Although he’s been around since 2008, this has definitely been Indigo’s breakout year, chalking up stellar releases for the likes of Auxiliary and Exit records. The same consistent excellence cannot fairly be attributed to rebooted R&S sub-label Apollo, who have up until now put out mostly average releases by otherwise great producers. So it was with mild trepidation that I started listening to Indigo’s latest EP, hoping he wouldn’t fall prey to the same drop in quality. And for the most part, he hasn’t. Celestial doesn’t rank among Indigo’s best releases, but it’s still a good EP, and easily the best to date in Apollo’s canon.
The reason why the Mindset boss and sometime-Synkro collaborator (Liam Blackburn to his friends) can excel to such heights is because of his fantastic fusion of meticulously engineered atmospherics and twitchy, half-IDM half-DnB beats that always surprise without ever forgetting to pack a punch. On Celestial, it’s clear that by now Indigo has mood down to an exact science. Opener Sea Of Stars trades in lilting beats that keep time over a faded, dubby soundscape, with the surprise emergence of a burbling synthline halfway through to keep it all running smoothly. It’s quite low-key and ambient compared to previous releases, and doesn’t quite do enough to warrant the seven-minute runtime, but works fine as an introduction.
Second cut Azha begins with a lovingly detailed ambient soundscape before a simple kick-drum starts the slow-building percussive jam. It might sound basic but there’s a lot of texture to enjoy here, Indigo’s 170bpm beat-science slowing down nicely to allow the listener to bask in the details, such as the outro which pans moodily to bring the track to a close. Detailed they might be, but the first two tracks here are not all that different from one another, and might leave you gasping for a little punch to go with all that ambience. A bit of force is somewhat delivered on third cut Sunrise. Here the beats have a little more urgency, pacing under dubby swipes and some twinkling chimes. It uses most of the same elements as the opening two tracks, but to far superior effect, while a welcome brightness to proceedings.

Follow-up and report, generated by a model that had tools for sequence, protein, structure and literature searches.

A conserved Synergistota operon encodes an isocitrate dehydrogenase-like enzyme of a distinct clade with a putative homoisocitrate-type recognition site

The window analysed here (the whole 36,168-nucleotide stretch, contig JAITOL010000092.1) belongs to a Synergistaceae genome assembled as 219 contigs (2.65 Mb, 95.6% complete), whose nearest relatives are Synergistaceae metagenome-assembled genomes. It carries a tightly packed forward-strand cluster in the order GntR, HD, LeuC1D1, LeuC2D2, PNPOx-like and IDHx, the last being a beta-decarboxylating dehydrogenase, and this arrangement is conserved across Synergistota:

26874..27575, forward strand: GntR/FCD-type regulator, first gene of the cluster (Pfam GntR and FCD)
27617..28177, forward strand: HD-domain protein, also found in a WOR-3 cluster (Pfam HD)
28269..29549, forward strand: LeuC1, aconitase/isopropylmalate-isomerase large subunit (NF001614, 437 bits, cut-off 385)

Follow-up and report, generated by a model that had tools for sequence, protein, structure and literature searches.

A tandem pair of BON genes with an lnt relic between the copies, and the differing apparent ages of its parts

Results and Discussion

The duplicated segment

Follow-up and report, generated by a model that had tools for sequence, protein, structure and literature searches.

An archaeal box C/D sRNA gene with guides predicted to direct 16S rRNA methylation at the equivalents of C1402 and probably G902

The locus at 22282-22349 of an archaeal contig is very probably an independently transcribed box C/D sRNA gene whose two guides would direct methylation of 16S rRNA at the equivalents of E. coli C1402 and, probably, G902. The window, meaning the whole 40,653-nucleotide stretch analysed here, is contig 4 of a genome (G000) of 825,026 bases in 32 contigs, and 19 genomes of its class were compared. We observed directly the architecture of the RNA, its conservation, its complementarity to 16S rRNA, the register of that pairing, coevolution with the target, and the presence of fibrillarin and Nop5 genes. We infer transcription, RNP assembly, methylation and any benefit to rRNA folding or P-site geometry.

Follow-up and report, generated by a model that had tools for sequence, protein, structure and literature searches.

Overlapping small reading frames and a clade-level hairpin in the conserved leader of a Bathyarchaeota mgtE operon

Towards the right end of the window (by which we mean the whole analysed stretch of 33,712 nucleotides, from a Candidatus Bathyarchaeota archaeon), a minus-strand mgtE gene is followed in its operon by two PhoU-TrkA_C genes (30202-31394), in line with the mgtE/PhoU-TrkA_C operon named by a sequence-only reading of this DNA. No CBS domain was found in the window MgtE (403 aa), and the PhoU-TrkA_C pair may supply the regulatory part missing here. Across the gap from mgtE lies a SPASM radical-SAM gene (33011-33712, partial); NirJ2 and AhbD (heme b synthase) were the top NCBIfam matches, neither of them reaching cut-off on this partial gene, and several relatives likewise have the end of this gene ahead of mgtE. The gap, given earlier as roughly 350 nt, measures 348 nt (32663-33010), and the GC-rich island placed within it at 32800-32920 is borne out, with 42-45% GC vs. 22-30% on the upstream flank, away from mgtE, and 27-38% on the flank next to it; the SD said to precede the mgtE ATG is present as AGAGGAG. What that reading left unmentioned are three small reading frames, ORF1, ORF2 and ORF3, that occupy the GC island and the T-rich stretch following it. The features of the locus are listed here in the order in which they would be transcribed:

Up until this point, the trade-off between the beats and the atmosphere hasn’t quite worked in Indigo’s favour, delivering tracks which, while immaculately produced, seem unable to deliver more than carefully curated atmosphere. On closer Keerthana, Blackburn goes all-out ambient, and it’s surprisingly the most successful cut here. The most mournful of an already dark selection, here beats penetrate a deep bed of delicate atmospherics and echo off, half-heard vocals emerging and receding back into the soundscape. It’s emotive stuff, and definitely shows a direction that we haven’t seen in Indigo’s work before. All the same, it’d be hard to call Celestial a hugely memorable release. What’s here is a collection of quiet, atmospheric tunes that will please some in their ambience but leave others wishing that he’d pick a stronger position to occupy between dance and mood, especially considering how brilliantly he’s combined the two in the past.